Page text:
The simple answer is that although it is hard to track
the motion of a single electron, the fundamental
characteristic of a circuit is that electrons in any
point in the circuit acquire a drift current, based
on the accumulation of charges in the circuit due to material
properties and driving effects (e.g. the battery).
In a series circuit with minimal inductance, this drift
current rapidly becomes constant across the entire circuit.
By "drift current," I mean the average charge flux (or e.g. in
the case of a capacitor, displacement current) through the
cross-section of the wire or circuit element we are considering.
For example, many electrons might be passing left or right
through the cross section, but if more electrons are going right
than left, then we say the drift current is to the left.
(Noting that electrons are negatively charged, of course.)
It is this average charge flux—this drift current—that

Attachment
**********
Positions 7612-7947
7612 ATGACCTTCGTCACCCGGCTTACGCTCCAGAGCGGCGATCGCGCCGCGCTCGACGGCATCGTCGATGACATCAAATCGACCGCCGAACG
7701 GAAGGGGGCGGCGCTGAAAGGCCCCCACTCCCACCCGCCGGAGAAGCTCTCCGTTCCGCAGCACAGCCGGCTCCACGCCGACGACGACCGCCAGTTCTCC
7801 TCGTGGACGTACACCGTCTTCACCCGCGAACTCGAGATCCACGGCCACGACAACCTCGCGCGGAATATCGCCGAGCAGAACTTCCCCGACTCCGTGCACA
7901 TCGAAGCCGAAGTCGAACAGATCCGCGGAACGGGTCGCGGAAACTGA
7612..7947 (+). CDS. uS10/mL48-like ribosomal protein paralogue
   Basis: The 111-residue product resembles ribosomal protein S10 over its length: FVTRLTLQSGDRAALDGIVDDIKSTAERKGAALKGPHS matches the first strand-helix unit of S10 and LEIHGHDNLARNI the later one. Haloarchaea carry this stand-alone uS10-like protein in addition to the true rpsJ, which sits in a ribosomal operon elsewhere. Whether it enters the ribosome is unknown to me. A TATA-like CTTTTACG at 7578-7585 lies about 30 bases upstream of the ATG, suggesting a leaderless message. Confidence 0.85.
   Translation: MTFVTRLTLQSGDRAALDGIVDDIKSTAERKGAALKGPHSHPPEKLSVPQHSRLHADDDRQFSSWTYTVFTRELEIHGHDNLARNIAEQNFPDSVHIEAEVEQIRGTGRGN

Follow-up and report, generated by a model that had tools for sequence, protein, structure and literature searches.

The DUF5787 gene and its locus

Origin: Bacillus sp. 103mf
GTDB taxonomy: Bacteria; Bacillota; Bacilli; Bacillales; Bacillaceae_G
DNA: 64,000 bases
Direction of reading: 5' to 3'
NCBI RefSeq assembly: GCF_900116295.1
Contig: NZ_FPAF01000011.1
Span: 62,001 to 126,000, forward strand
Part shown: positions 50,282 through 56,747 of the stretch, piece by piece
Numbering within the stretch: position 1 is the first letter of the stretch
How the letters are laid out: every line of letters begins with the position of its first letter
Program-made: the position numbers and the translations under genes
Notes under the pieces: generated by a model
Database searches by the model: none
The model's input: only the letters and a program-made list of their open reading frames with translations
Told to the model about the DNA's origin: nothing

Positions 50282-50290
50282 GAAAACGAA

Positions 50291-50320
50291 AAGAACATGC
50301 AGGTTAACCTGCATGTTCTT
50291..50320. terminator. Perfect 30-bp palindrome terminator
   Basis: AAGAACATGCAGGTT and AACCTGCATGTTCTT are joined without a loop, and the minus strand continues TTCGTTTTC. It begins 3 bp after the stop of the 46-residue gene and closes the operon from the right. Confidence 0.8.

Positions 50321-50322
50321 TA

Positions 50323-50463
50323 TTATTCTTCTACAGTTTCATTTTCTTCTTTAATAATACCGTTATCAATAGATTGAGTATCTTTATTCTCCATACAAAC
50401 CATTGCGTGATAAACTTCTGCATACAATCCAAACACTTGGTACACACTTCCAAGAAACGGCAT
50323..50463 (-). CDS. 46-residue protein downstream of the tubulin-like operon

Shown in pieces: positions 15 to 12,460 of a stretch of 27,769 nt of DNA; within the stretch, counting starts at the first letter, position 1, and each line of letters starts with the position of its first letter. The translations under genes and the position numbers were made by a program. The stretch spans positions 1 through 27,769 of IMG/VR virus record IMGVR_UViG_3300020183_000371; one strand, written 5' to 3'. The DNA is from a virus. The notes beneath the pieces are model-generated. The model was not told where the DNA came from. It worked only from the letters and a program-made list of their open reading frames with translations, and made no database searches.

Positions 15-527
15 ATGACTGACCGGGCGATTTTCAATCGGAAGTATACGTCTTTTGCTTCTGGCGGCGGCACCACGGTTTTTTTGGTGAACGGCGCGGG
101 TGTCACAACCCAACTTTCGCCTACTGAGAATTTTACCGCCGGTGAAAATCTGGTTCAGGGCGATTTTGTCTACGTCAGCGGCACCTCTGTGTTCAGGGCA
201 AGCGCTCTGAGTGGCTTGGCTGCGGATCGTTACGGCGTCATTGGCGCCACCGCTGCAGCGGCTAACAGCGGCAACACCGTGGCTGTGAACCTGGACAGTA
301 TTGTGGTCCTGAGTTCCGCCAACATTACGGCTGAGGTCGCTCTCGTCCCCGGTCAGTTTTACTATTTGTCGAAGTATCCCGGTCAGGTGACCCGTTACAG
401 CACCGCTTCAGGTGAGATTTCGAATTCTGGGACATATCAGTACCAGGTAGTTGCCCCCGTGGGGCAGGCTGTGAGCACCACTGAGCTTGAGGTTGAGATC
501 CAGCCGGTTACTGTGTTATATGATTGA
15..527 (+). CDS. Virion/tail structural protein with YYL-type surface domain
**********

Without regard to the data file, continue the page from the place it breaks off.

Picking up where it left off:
equals the current $I$ through the circuit. So, to conclude
the "answer" part of this response: even after the last
resistor, electrons will continue to move toward the
battery terminal, on average.
(To be repetitive), this is because in steady-state for a DC-powered series circuit, electrons drift from the negative terminal toward the positive terminal no matter where they are in the series circuit (excluding the battery, which pulls negative charges from the positive terminal and puts it back on the negative terminal, expending its stored energy in the process).
(Note: I have some other thoughts on this, including a rough explanation thinking of resistance as being due to an effective drag force, but I will need some time to collect my thoughts here. I'll probably edit this answer later.)